• I then walked downhill to try and see if a local restaurant I read about was open, none of the three local restaurants I wanted to try were open this day. Hopefully you’ll get a chance to sample better local food than I did at the following places: Modra Hviezda, Prasna Basta, and Mestiansky Pivovar. 
  • Seeing as no local restaurant was open I just wandered the UNESCO Heritage Site of Old Town Bratislava. Stopped by the St. Martin’s Cathedral, The Main Square (with an eerily dead Christmas Market, as in no booths were occupied), Micahel’s Gate, The Man at Work statue.
  • By noon I was getting really hungry and just surrendered to a very touristy spot Slovak Hause for a taste of Slovak food, which tasted quite good but something tells me the same dishes at the other three places I had on my list would taste better. I had some Slovak Sour Cabbage Soup and the Slovak National Dish of  Bryndzové Halušky (Potato dumpling with sheep cheese topped with bacon). A very hearty meal but quite tasty honestly. Paired with a glass of Slovak white wine from the Slovak-Hungarian wine region.
  • There is a popular and famous dessert shop called Konditorei Kormuth near Slovak Hause with a very cool puppet window display. The interior is beautiful and the desserts are just simple cakes nothing local or special but its popular for the interior. The manager/ owner though is quite rude and demanding. I did not go back after being rushed out and yelled at for not reading the “full sign” but I just wanted to try my luck as a single traveler as a lot of times places like this do make exceptions for single folk, but nope he just yelled at everyone to get out and proceeded to lock the door on everyone. Honestly looked at the dessert display and didnt seem any to go crazy about.
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Man at Work Statue
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Slovak white wine with sour cabbage soup
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Potato dumplings with sheep cheese and bacon
  • I then walked about 10 minutes to the far side of old town to check out the St. Elizabeth Church, more commonly known as The Blue Church. Of course it too was closed, but the exterior was stunning and I spent a good amount of time just taking the building in.
  • I then walked along the Danube past some memorials and statues along the way before proceeding to the bus station to catch bus 93 back to the main train station.
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The beautiful St. Elizabeth (Blue) Church in Bratislava
  • After a mid-afternoon train ride back to Vienna, I proceeded to Vienna Rathaus (City Hall) where the main Vienna Christmas Market is held. The Vienna Christmas Market is quite large and just as festive and magical as the one in Nuremberg. Although I liked the vibes at the Schloss Schonbrunn Christmas Market more as it felt more intimate, magical and regal and the food was definitely better and more local at that one than the main market. Nonetheless a festive time and place to be.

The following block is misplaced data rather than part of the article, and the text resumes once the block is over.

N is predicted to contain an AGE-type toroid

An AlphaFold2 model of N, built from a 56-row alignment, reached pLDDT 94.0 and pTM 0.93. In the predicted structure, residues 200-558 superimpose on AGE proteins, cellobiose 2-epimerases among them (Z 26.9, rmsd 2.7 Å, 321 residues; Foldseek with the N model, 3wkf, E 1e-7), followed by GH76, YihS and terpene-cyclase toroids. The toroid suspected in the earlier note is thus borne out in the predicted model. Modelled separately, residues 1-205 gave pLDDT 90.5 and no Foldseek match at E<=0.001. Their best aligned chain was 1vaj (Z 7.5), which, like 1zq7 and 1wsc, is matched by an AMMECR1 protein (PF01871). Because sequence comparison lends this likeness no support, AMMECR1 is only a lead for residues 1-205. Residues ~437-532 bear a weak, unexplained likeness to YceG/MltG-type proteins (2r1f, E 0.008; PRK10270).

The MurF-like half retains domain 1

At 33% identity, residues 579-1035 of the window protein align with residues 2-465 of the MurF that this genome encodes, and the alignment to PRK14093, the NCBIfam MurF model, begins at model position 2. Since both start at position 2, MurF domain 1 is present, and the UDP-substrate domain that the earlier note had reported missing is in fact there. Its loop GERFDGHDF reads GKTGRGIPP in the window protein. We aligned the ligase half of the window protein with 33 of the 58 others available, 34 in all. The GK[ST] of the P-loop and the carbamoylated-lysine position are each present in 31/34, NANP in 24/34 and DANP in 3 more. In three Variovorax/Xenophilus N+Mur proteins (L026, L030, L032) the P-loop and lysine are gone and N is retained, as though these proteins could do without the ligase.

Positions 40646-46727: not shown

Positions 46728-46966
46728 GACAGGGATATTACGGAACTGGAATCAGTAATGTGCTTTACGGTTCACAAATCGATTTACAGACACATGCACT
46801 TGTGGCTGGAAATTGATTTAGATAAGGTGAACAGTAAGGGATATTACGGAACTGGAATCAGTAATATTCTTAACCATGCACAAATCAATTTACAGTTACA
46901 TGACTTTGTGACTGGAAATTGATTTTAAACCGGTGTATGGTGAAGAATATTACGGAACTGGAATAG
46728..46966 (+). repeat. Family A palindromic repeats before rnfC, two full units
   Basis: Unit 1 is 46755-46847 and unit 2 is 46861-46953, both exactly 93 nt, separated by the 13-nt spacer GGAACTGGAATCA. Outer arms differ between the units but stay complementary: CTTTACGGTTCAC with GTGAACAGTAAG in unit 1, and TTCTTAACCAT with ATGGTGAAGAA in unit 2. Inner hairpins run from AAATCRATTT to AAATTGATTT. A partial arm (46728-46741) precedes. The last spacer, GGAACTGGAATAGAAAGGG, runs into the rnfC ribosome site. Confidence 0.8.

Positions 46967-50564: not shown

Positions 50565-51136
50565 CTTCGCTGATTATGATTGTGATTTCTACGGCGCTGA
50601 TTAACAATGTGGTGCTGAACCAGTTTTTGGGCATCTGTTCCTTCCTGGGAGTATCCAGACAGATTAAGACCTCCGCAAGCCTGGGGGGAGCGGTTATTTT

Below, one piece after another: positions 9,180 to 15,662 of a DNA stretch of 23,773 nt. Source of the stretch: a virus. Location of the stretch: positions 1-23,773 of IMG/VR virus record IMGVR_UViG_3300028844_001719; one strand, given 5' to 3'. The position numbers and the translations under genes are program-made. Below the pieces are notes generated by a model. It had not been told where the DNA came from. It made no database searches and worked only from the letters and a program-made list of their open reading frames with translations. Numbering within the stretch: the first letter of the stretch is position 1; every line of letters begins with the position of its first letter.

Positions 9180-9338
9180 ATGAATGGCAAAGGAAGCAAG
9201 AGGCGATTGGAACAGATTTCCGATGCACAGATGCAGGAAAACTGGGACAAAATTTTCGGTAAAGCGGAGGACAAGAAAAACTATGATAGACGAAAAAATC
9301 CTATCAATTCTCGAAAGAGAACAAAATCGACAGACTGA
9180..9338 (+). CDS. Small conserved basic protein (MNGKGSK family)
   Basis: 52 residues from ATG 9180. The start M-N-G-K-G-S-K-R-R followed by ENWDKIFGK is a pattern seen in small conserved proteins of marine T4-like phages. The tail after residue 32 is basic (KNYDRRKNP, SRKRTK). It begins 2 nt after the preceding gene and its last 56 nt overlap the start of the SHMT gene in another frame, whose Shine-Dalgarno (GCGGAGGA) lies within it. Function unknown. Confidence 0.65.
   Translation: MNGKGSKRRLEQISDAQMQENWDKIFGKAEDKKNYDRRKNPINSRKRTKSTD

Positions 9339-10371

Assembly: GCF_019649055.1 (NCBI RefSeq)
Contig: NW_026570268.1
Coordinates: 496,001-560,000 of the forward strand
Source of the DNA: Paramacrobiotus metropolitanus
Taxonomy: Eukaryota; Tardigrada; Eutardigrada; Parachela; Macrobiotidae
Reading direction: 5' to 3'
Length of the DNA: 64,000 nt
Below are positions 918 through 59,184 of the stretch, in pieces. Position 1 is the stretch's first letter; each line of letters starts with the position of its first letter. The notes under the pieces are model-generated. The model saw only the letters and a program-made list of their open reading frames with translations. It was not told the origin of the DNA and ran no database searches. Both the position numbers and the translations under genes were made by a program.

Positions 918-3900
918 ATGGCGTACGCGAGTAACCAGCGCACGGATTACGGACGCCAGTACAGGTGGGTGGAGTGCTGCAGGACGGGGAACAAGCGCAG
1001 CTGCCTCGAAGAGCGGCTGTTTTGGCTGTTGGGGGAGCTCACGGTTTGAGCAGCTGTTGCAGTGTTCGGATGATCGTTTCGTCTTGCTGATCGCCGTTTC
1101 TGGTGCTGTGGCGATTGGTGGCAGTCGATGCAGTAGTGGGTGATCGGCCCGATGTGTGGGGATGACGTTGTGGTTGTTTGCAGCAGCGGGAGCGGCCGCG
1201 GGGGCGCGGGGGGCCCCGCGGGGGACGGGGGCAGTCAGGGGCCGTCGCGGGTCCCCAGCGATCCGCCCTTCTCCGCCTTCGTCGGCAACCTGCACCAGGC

• I took the subway a couple stops to check in to Hotel Beethoven and checked with the clerk to see if any of the local Vienna restaurants I wanted to try were open, and of course the were not.
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Rathaus (City Hall) and the Vienna Christmas Market at sunset
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Delicious Apple Strudel and mulled wine at the Vienna Christmas Market
  • Since none of the local spots were open I opted to line up and have dinner at Cafe Sacher Wien since I realized when I was in Sacher ECK that I had gone to the “wrong” spot to have Sacher Torte. I had some Wiener Schnitzel again with a potato salad and Austrian white wine it was delicious, followed by another Sacher Torte this time paired with Sacher Hot Chocolate served with Sacher Liquor. 
  • After dinner I decided to have a glass of Austrian red wine and a night cap cocktail made with cognac and Sacher Brut Champagne at the beautiful Blaue Bar in Hotel Sacher’s lobby. The drinks at this hotel bar are not badly priced for this standard of hotel in Europe.
  • Finally I returned to my hotel for a relaxing night before going to bed for another early start to head to the airport and depart Europe on Christmas Day.
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Cafe Sacher Wien wiener Schnitzel
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Pick Me Up cocktail at the Blaue Bar in the Hotel Sacher

 

DAY 3:

  • Early morning start. took the subway (which actually runs almost 24 hours, just at shorter intervals between midnight and 7AM) and then the first CAT Train leaving at 5:37AM.
  • 7AM flight to Frankfurt for my onward connection to the United States.

 

I absolutely loved Vienna and would go back to explore some more and visit more museums and attend another concert, opera or ballet. I would give Bratislava another chance or even check out another Slovak city just because I want to believe the country and its people are most definitely different than the emptiness I experienced the day I went. The city itself I think its quite beautiful and Slovak food is not bad either, quite hearty much like its neighbor Hungary. Plus Bratislava is an easy day trip from Vienna!

Cheers to more adventures in 2018.

 

Happy New Year and Bon Voyage!

TheGasronomicTraveler